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Speaking My Mind: What do you think is the most significant problem of the 21st century?

Speaking My Mind: What do you think is the most significant problem of the 21st century?
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by in Oct 2007

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Sharon Faerber — Complaisant. We’ve given our country to the enemy.That enemy is the former and current administration, immigration and its lack of rules, schools that are failing our children because there are so many issues they must address besides the academics that should be the main focus.Global warming, what is it about people who still do not believe it’s a real threat. The list goes on and on, but I will again say COMPLAISANT.

Dawn Lincoln — The biggest problem has been the steady creeping away from the freedom and liberty that our founding fathers so carefully and methodically worked to protect. Too many of us have fallen down on the job of doing the eternal vigilance that they warned was essential to protect our freedom. I do not believe that all is lost though. New Hampshire has the ability to turn this around and take back the freedoms that have slowly been taken away. Registering to vote and voting for candidates who will protect your rights and respect the constitution will be a giant step in the right direction.

Valerie Madden — I think, along with other readers, that global warming is the greatest issue to date. I am not looking forward to the upcoming year for campaign slashing and promises to be unkept. This administration has not even recognized the problem until recently, if then. There is more concern for who will be in charge then of what will we do to help our future which is our children and our children’s future. To quote Peter, Paul and Mary, “When will we ever learn?”

Jill Herendeen — Lack of jobs which pay living wages–the direct result of Congress being beholden to corporate interests, probably; good jobs being sent overseas, or given to commuters from the third world (because they’ll work for less, as it costs less to raise a family that’s in Pakistan or wherever than it does in American suburbia). So both parents are FORCED to work for ever decreasing wages, while the cost of everything rises and the kids are being raised, so to speak, by bureaucrats, who are out to keep their own nonproductive jobs, and by TV and computer games, wherein basic decency is rare, if there at all. The teachers are too busy getting the kids, who come from essentially, if not literally, parentless homes, to jump through ever-increasingly more stringent academic hoops, so as to push more kids into Special Ed., so as to get extra funding for the school districts, so the taxes have to go up more, so the parents have to work more to pay for them, the better to disable theThe American Family (which might, if it had any time to itself, have more wherewithal to reign in unbridled gov’t). Together with the Bush Administration, and a Congress which goes along for the ride, giving tax breaks to the rich and starting wars of aggression to pour money into Haliburton et al.’s pockets…a scene created largely by voting fraud, via computerized voting machines, which are SO EASY to hack. High rates of immigration, even legal immigration, are fuel to the fire. The medical-industrial complex driving up cost of living and taxes to fill the pockets of Big Pharma. Basically, the wealthy have figured out legally how to rob everyone else, with the government to aid, abet, and enforce it. No wonder folks — the sort whom one would find in grocery stores — are short-tempered…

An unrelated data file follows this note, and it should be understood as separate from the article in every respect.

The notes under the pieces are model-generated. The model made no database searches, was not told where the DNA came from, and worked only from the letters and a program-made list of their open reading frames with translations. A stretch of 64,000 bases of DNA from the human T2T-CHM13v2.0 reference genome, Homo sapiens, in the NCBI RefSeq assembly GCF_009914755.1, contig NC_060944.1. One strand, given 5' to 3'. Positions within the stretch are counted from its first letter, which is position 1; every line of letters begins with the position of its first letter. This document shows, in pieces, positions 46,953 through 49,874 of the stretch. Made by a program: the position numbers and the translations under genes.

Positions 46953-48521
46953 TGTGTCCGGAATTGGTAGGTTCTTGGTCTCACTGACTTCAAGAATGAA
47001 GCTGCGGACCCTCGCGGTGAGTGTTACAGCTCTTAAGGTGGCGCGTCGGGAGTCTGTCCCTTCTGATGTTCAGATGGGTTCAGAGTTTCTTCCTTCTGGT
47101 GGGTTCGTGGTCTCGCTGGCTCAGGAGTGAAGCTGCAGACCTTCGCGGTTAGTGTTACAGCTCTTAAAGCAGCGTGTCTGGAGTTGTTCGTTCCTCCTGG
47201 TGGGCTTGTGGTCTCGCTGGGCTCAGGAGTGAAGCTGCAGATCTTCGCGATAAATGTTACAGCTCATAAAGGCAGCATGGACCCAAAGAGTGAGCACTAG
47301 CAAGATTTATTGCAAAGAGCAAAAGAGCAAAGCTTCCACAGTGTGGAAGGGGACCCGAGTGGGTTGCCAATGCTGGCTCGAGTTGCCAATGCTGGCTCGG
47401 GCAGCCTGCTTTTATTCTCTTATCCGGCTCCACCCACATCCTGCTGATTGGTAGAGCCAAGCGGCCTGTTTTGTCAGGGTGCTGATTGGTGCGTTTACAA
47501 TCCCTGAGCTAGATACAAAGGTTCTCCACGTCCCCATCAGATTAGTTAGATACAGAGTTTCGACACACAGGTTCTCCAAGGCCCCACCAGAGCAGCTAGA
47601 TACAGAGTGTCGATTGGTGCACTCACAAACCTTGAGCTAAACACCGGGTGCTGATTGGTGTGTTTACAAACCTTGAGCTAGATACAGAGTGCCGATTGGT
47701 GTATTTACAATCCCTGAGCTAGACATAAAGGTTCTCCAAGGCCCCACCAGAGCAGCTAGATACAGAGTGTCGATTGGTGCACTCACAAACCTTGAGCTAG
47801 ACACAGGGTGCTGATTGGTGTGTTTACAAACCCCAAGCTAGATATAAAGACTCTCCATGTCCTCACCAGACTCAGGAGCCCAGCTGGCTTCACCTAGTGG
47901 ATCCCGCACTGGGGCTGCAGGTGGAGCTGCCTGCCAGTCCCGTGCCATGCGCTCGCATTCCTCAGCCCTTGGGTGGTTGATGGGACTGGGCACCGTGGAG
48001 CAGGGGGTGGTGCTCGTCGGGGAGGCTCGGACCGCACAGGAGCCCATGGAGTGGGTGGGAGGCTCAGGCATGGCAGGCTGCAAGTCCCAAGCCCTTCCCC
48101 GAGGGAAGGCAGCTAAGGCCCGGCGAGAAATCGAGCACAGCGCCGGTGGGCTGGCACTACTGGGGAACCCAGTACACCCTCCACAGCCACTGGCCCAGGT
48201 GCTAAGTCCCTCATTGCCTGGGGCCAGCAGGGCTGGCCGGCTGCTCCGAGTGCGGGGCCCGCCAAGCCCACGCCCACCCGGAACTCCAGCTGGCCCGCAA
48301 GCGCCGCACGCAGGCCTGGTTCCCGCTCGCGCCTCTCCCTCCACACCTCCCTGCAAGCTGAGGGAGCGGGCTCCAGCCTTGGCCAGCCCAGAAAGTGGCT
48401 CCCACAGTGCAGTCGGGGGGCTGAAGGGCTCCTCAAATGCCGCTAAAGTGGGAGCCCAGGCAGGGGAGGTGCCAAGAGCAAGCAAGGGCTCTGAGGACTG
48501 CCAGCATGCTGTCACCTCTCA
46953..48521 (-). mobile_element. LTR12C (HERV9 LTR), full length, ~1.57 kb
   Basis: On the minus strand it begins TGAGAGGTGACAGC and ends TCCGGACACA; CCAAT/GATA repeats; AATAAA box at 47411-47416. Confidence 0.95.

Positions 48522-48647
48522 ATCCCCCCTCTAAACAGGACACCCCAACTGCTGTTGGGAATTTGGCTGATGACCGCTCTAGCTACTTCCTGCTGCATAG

M. Monette — The Bush Administration…. I won’t lay it all on just one person. It’s the actions of a privileged group dismantling the Constitution at the expense of the people.

Robin Martin — I think the biggest problem is the over spending on everything. There is no balance. We have bridges falling apart. Schools are failing our kids even though the spending percentage is more than ever before in history and billions of American dollars are going to other militaristic governments or funding a war in the Middle East that we may never get out of. I don’t have the answers, but it’s a grim picture.

Michael Moen — The biggest problem is the lack of concern for other people. The focus is to much on self, not family, future generations, the world, people in other countries. We need to leave the attitude of what can I get for me now, who cares how and at what cost, and become more caring, kind and honest. Myself included.

JC Nowlin — Radicalism on both sides…too much hate and not enough people remembering that we are all Americans. And if I had my druthers someone would let the dopes in Washington know this is an English speaking country. And that it’s ok to believe in God. Sure I feel sorry for the folks who don’t speak English but can you imagine them going to France and demanding that they change their schools and include Spanish or Lithuianian or Polish or Italian as a separate language? If you live here you need to learn to speak English period.

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